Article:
Chapter IX. Up the Congo to Banza Nokki.
For a wonder the canoes came in time, and, despite their mat- sails, we could not complain of them. There were twelve paddlers two for the stem, and two for the stern of each craft, under a couple of interpreters, Jotakwassi and Nchama-Chamvu, who were habited in European frock-coats of broadcloth, and in native terminations mostly "buff." Our excellent host bade us a kindly adieu, with many auguries of success - during the last night the frogs had made a noise in the house. Briefly, we set out on September 6th.
In the forty-five miles between Boma, where we enter the true trough of the Congo, and the landing-place of Banza Nokki below the cataracts, there are half-a-dozen reaches, the shortest of three, the longest of fifteen miles. They are not straight, as upon the chart; the windings of the bed exclude direct vision, and the succession of points and bays suggest, like parts of the Rhine, a series of mountain-tarns. The banks show the high-water level in a low shelf, a ribbon of green, backed by high rolling hills, rounded and stony, with grass dry at this season; the formation is primitive, and the material of the lower bed has been held to "prove the probability that the mountains of Pernambuco, Rio de Janeiro, and other adjacent parts of South America, were primevally connected with the opposite chains, that traverse the plains of Congo and Loango." In parts the rocks fall bluff into the river, and here the current rushes past like a mill-race without a shadow of backwater. The heights are intersected by gullies and ravines, of which I counted sixty-nine on the right and fifty-four on the left bank; many of them are well wooded, and others are fronted by plains of the reeds and flags, which manufacture floating islands, cast loose, like those of the Niger, about the end of July by the "Malka" rains. About a dozen contained running water: Captain Tuckey did not see one that would turn a mill in August and September; but in November and December all these fiumaras will discharge torrents.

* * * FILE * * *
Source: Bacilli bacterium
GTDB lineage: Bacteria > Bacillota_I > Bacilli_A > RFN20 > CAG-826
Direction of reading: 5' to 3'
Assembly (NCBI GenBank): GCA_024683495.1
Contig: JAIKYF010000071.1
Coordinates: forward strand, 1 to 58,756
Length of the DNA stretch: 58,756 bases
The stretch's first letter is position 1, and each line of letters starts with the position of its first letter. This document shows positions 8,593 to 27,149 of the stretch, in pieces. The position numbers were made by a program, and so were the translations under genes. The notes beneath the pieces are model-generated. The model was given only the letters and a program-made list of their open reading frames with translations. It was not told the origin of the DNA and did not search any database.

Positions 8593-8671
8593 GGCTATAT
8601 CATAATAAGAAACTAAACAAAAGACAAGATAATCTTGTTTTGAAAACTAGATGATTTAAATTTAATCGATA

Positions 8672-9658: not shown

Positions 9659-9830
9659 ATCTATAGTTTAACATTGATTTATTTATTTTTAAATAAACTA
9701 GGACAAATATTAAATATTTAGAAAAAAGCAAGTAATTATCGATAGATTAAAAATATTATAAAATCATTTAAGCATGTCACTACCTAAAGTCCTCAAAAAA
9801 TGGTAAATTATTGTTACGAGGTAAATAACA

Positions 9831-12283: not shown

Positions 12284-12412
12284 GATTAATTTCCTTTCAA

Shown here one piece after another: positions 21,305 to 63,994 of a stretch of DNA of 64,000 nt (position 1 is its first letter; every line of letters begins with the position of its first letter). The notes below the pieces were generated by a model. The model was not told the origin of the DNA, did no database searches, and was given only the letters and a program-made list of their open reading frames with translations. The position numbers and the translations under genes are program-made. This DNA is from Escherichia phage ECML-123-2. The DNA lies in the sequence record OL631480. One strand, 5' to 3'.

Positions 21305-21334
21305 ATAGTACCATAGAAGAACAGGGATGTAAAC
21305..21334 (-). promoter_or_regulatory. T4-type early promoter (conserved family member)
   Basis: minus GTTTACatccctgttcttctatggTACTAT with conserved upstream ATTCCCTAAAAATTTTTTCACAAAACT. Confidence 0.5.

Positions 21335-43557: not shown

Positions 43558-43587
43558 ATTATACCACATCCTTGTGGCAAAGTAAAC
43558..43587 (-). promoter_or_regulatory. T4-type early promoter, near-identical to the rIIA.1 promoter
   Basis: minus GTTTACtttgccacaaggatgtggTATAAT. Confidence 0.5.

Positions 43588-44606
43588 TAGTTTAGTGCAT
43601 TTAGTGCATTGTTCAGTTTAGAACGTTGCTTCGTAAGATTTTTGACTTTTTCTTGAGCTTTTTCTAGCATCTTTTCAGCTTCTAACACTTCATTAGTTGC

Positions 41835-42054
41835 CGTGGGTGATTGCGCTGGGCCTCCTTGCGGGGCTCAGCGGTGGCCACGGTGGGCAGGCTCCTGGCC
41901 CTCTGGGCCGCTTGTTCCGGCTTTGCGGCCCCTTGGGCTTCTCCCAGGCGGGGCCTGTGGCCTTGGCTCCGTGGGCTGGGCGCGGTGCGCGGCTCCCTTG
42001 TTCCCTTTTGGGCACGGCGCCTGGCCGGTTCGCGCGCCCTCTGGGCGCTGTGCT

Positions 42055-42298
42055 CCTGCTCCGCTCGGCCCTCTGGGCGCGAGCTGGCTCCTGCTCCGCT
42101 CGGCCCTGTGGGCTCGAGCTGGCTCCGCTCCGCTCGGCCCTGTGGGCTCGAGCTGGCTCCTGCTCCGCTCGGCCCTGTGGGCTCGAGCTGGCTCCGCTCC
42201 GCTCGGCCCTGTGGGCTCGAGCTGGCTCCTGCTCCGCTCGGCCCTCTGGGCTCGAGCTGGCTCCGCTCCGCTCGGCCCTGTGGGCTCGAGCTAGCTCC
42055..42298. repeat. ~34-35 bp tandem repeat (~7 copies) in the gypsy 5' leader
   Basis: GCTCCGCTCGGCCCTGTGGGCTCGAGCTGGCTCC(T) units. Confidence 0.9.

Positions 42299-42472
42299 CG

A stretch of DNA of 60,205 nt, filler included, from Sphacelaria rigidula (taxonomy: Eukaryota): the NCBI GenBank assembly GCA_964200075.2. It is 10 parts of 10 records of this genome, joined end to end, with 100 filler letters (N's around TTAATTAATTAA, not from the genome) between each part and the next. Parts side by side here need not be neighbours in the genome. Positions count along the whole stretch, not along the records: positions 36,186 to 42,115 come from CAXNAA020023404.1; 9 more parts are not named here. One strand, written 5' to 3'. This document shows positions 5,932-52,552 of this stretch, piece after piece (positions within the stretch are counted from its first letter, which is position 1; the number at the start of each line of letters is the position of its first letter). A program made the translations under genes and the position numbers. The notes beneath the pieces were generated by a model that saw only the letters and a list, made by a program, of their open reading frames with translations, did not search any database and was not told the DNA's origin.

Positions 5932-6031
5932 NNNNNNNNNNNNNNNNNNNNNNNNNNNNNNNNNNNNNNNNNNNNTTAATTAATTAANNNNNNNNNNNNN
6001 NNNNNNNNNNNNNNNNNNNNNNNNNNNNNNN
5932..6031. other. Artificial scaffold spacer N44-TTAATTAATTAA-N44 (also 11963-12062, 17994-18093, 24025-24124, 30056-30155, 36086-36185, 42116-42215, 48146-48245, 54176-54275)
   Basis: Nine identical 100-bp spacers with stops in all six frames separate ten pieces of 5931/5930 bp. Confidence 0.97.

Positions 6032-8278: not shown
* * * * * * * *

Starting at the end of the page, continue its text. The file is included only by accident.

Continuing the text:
The breadth of the entroughed bed varies from 700 yards to two miles where it most dispreads itself. The current increases from the normal three to five knots in rare places; the surface loses the glassiness of the lower section, and at once shows the boiling and swirling which will be noticed near the cataracts. The shores are often foul, but the midway is mostly clear, and, where sunken rocks are, they are shown by whirlpools. The flow of the tide, or rather the damming up of the lower waters between Porto da Lenha and the mouth, causes a daily rise, which we found to measure about a foot; thus it assists in forming a treble current, the rapid down-flow in the Thalweg being subtended by a strong backwater on either side carrying a considerable portion in a retrograde direction, and showing a sensible reflux; this will continue as far as the rapids. In the Amazonas the tides are felt a hundred leagues from the mouth; and, whilst the stream moves seawards, the level of the water rises, proving an evident under-current. Mr. Bates has detected the influence of oceanic tides at a point on the Tapajos, 530 miles distant from its mouth, such is the amazing flatness of the country's profile: here we find the reverse.
The riverine trough acts as wind-conductor to a strong and even violent sea-breeze; on the lower section it begins as a ground- current - if the "bull" be allowed - a thin horizontal stratum near the water, it gradually curves and slides upwards as it meets the mountain flanks, forming an inverted arch, and extending some 2,000 to 3,000 feet above the summits. At this season it is a late riser, often appearing about 3 P.M., and sometimes its strength is not exhausted before midnight. The brown water, grass-sheeted at the sides, conceals the bright yellow sand of the bed; when placed in a tumbler it looks clear and colourless, and the taste is perfectly sweet - brackishness does not extend far above Porto da Lenha. Yet at Boma the residents prefer a spring near the factories, and attribute dysentery to the use of river-water. According to Mr. George Maxwell, the supply of the lower bed has the quality of rotting cables, and the same peculiarity was attributed to the Tanganyika.
Of late years no ship has ventured above Boma, and boats have ascended with some difficulty, owing to the "buffing stream." Yet there is no reason why the waters should not be navigated, as proposed in 1816, by small steamers of good power, and the strong sea-breeze would greatly facilitate the passage. In older and more enterprising days merchant-schooners were run high up the Zaire. The master of a vessel stated to Tuckey that he "had been several voyages up to the distance of 140 miles from the mouth" without finding any difficulty.